MyEnum i;foo(i);

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It is also possible to assign any value to an enum variable with a cast.

As already said, a function receiving an incorrect argument is a run-time error which you cannot detect at compile-time. You might consider throwing an exception (some other run-time error handling mechanism) in the default case.

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Quote:
 Original post by MadKeithVQuick guess: you could try creating templates with an integer non-type parameter, specializing them for each valid case, and giving a compile-time error in the default case.

Something like this ?

<in client code>
lib::Enable(lib::Map<GL_DEPTH_TEST>::index);

i guess that would work, but kind of defeats the whole purpose of making things
appear more simple to user :/

If I put that template inside Enable() function

inline void Enable(GLenum glenum) {	const int i = Map<glenum>::index;	..}

my compiler gives:

test.cpp:55: error: ‘glenum’ cannot appear in a constant-expression
test.cpp:55: error: template argument 1 is invalid

I'm not sure how to make it work that way. Maybe it's impossible at present. Sure would be nice feature to have.

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You can't do that, that is a runtime variable. You can however use tags. That function would become:

struct gl_vertex_array_tag {   static GLenum value = GL_VERTEX_ARRAY;};template <typename T>inline void Enable() {	const int i = T::value;	..}// Calling codeEnable<gl_vertex_array_tag>();

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Quote:
Original post by jkv
Quote:
 Original post by MadKeithVQuick guess: you could try creating templates with an integer non-type parameter, specializing them for each valid case, and giving a compile-time error in the default case.

Something like this ?

<in client code>
lib::Enable(lib::Map<GL_DEPTH_TEST>::index);

i guess that would work, but kind of defeats the whole purpose of making things
appear more simple to user :/

Why not something like
lib::Enable<GL_DEPTH_TEST>();

Quote:
 If I put that template inside Enable() function*** Source Snippet Removed ***my compiler gives:test.cpp:55: error: ‘glenum’ cannot appear in a constant-expressiontest.cpp:55: error: template argument 1 is invalid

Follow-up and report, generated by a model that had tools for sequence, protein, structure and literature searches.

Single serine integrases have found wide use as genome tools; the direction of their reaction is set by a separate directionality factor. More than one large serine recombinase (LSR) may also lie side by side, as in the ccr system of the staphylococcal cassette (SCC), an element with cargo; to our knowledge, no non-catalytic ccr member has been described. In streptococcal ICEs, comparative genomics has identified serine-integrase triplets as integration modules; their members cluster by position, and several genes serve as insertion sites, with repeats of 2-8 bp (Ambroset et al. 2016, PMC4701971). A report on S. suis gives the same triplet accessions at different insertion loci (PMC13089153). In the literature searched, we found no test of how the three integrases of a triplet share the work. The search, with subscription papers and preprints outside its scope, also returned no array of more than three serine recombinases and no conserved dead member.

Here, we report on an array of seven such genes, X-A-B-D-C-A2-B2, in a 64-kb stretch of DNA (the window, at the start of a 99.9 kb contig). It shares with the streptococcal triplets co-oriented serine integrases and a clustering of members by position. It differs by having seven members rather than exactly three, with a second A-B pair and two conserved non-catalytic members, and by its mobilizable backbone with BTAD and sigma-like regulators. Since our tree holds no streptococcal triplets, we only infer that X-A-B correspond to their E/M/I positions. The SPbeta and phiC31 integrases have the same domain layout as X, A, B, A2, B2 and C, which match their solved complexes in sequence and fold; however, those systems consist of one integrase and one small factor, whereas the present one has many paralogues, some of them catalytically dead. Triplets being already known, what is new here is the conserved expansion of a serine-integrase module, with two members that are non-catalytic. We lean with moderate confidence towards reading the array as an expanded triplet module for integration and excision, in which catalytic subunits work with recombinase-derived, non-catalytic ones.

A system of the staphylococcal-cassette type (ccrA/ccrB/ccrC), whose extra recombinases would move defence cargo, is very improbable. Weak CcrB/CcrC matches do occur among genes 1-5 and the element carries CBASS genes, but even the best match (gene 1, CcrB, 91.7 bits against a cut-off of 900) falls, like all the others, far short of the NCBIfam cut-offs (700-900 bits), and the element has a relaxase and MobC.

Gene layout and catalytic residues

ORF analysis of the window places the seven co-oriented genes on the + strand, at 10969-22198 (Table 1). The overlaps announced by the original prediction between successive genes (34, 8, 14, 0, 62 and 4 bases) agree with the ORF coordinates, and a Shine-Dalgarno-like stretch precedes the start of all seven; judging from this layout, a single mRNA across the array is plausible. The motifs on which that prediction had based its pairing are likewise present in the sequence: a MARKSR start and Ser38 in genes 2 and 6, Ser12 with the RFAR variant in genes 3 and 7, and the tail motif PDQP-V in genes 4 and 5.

Yep, as already said, the function argument is a runtime expression. While compiling the function, it is not known which arguments it is called with. (And even if the compiler can figure this out through some global optimizations, the language doesn't permit it to treat the argument as a compile-time expression)
You've made a function which takes an argument at runtime. So it's impossible to stuff that runtime argument into a compile-time template.

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Quote:
 Original post by jkvI need to map certain OpenGL enums to indices in range 0..N-1 where N is the number of enums.

Why can't you just use the actual enum values?

Are you trying to combine a few OpenGL enums into some kind of super-enum? If so, what on earth problem do you think it will solve to do so?

Quote:
 This should happen in compile time

You're passing a parameter to the function, which is what you're switching on. The parameter's value isn't necessarily known at compile time, so how can you expect the compiler to make a determination at compile time?

Quote:
 Part of the problem is that constant value given as argument to function is not an constant expression anymore inside the function. If it was I could fex. use template specialization instead to do the mapping and errors would be automatically caught:

Did you know that you can template on (integral) values, not only types?

Quote:
 I could give up and just throw error at runtime, but that feels somehow wrong.

Why?